Q: "The sale goes on [...] the 16th."

a. through (correct)

b. toward

c. into

d. for

I really don't understand why through is the answer.

Context note: This is a practice question from TOEIC.

  • Even with the word through, it does not make any sense.
    – Tristan
    Jul 31, 2013 at 11:38

1 Answer 1


ODO on through sense 4:

[preposition] North American up to and including (a particular point in an ordered sequence):
they will be in London from March 24 through May 7

None of the others make sense at all [although this use of through is not used in British English].

  • 1
    @TimLymington I would understand The sale is on for the 16th to mean that it is only on on the 16th.
    – TrevorD
    Jul 30, 2013 at 11:16
  • 2
    As @AndrewLeach says, through is not used in this sense in BrE, and I think many Brits would not understand it. Hence, it hardly seems appropriate for 'International English'! One could say "goes on until", altho' "is on until" would be more common in BrE.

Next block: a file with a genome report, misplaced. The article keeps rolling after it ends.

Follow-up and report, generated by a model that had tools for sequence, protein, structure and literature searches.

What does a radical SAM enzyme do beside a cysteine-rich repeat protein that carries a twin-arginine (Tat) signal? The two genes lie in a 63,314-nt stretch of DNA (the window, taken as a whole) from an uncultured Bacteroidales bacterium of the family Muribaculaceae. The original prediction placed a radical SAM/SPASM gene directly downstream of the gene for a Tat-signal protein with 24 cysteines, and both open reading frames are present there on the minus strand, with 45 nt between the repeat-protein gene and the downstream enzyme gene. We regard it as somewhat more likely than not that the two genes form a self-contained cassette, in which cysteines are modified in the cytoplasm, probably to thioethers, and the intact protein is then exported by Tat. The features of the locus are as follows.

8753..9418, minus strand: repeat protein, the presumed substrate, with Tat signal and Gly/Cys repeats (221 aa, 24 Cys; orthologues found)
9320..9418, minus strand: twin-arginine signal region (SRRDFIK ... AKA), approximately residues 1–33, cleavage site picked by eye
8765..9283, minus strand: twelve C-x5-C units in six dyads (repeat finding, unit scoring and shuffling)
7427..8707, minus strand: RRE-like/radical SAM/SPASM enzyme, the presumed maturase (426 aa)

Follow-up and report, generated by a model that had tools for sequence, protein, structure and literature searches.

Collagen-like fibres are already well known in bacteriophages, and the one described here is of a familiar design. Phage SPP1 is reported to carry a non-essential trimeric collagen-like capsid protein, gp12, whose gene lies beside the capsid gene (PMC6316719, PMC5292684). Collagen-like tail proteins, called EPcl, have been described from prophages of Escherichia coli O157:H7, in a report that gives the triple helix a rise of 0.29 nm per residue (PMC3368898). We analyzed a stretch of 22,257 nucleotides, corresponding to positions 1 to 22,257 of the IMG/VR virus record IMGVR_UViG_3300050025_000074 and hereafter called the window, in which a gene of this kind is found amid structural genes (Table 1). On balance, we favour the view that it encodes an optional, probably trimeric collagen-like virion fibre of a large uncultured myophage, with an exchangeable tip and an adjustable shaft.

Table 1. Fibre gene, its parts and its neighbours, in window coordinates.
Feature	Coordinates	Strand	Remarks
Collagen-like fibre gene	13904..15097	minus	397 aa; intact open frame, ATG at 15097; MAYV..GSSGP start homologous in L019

– TrevorD
    Jul 30, 2013 at 11:20
  • 2
    @TrevorD It's not the TOIE. What about International Communication with AmE speakers? (I'm pratciting up for my TOEIN - Test of English for International Nitpickping, of course.)
    – hunter2
    Jul 30, 2013 at 11:54
  • 1
    I'm shocked that this isn't used in British English. It never occurred to me that this isn't ubiquitous.
    – Daniel
    Jul 30, 2013 at 16:04
  • 1
    There's a difference between "through" and "until" in AmE. "Through" means the time period is inclusive: that is, the sale is still on on the 16th. "Until" is ambiguous. Jul 31, 2013 at 1:20

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